Secondly it is in this “desert time” that we can discover the joy of believing.  God informed Habakkuk that he was indeed active.  He was using the ruthless nation of Babylon to punish Judah.  This perplexed Habakkuk, yet God’s assurance that justice would be done and a vision of God’s glory brought the prophet to a sure faith.  “But the person in right standing before God through loyal and steady believing is fully alive, really alive” (2:4 – The Message).  During this  “desert time” of Judah, the prophet began to see the hand of God in his society.  He prays “God I’ve heard what our ancestors say about you, and I’m stopped in my tracks, down on my knees.  Do among us what you did among them. Work among us as you worked among them.  And as you do bring judgment, as you surely must, remember mercy” (3:1-2 –  The Message).

Here we find a key for living with a postive faith, finding joy in believing during a “desert time”.  In accepting that God was in the midst of his nation’s “desert time,”  he prays for God to be merciful.  Daniels prayed in a similar fashion.  “We do not make requests of you because we are righteous, but because of your great mercy.  Lord, listen!  Lord, forgive!  Lord, hear and act” (Daniel 9:1819).  A person who is crying for mercy, has no where else to turn but to God.  In a “desert time” such as ours, God hears the crys for mercy.  The Psalmist prayed “The Lord has heard my cry for mercy; the Lord accepts my prayer” (Ps 6:9).

Men I believe God is mightly at work in the midst of our “desert time” in America.  I take great comfort in the words of Paul to the Romans.  “But as people sinned more and more, God’s wonderful grace became more abundant.  So just as sin ruled over all people and brought them to death, now God’s wonderful grace rules instead, giving us right standing with God and resulting in eternal life through Jesus Christ our Lord.” (Romans 5:20-21).  Allow yourself to be honest with our fears and anxieties before the Lord.  Confess your unbelief, and cry out to him for mercy.  Allow him to fill you with his grace for this day.  Get with a group of other men, who believe the same way.  Support one another and cry out to God together for mercy.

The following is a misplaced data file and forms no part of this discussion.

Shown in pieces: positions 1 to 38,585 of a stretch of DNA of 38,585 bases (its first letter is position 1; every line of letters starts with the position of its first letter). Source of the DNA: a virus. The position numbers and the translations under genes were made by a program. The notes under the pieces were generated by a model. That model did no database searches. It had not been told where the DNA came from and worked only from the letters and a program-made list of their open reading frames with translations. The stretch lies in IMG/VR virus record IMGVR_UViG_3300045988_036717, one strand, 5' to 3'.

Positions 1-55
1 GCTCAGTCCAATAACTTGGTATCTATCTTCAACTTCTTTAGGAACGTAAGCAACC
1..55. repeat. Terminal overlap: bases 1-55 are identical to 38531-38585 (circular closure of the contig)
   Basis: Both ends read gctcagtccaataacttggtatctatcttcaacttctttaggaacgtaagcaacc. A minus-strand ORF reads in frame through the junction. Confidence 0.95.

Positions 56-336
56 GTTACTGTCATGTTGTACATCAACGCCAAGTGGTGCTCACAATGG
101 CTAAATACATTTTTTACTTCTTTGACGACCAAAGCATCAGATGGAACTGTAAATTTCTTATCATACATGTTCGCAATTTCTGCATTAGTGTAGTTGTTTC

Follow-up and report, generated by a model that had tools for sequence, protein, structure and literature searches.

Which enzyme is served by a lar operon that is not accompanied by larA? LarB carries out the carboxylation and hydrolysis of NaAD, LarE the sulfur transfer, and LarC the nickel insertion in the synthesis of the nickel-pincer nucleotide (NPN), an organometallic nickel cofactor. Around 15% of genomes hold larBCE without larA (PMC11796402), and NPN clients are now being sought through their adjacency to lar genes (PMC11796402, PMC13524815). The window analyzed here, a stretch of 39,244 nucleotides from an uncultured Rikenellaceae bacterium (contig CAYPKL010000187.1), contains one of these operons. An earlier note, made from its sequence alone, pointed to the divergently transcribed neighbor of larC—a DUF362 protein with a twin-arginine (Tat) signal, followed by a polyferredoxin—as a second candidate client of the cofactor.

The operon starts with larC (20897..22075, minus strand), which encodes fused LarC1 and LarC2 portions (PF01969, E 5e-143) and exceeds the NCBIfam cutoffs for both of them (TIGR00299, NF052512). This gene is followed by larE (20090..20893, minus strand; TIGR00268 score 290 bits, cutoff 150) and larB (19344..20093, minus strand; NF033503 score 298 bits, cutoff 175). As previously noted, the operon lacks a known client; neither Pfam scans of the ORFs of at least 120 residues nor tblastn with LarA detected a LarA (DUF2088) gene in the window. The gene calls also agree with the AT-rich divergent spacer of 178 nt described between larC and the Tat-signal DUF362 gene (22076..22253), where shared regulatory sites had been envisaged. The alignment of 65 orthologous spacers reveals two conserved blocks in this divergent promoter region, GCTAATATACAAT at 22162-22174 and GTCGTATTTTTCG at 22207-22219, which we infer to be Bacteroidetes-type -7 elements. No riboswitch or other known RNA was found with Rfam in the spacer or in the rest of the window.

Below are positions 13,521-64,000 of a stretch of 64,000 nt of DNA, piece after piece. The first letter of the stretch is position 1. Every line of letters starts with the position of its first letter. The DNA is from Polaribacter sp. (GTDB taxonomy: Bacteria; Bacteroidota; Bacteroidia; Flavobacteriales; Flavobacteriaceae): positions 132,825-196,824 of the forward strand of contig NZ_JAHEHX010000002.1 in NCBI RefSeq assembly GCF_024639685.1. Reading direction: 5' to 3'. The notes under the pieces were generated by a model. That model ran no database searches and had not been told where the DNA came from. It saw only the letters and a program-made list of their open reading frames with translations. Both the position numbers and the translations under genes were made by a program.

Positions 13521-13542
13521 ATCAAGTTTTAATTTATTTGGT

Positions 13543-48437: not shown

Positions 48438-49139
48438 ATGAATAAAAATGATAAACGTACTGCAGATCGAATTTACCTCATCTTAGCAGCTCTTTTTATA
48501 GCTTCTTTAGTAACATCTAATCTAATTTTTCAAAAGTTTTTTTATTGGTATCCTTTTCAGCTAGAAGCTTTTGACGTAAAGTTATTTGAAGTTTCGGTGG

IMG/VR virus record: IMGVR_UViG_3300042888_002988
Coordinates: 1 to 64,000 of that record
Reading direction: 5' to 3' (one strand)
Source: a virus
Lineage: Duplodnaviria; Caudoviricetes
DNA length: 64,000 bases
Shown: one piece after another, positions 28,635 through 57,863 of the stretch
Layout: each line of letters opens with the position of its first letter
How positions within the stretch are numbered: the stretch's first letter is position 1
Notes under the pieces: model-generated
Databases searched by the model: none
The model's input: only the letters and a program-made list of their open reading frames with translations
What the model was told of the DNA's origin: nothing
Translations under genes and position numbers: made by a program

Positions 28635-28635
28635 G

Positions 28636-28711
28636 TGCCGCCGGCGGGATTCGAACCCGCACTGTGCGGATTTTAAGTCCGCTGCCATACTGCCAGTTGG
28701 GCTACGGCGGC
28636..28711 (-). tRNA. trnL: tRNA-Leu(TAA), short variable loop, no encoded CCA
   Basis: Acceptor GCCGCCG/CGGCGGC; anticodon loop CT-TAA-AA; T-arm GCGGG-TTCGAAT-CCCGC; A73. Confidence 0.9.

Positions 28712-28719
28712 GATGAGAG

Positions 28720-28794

Oct. 24th

Devotions from Judy’s heart

As we traveled to Kansas we went through Pequot and drove by the Bank drive- through canopy where we found shelter one summer night . At that time we were returning home and there were tornadoes around us and predictions of hail. When we saw the bank it brought back memories, but today there were no storm warnings out and we were safe. I have been reading Conversations magazine and this whole issue is devoted to healing.  Sometimes we overreact in areas of hurt and wounding in our lives and need inner healing. Jacci Turner said, “Inner healing is inviting Jesus into the past to see where He was and what He wants to say to us about a painful experience.” We all get stuck in areas of our lives and Jesus wants to free and heal us. Sometimes in healing prayer the results are immediate but often it takes place over time, as in soaking prayers.  Let us care for our wounds and bring all our hurts to the Chief Physician for He has the remedy to heal us. Our wounds can become an instrument of God’s grace.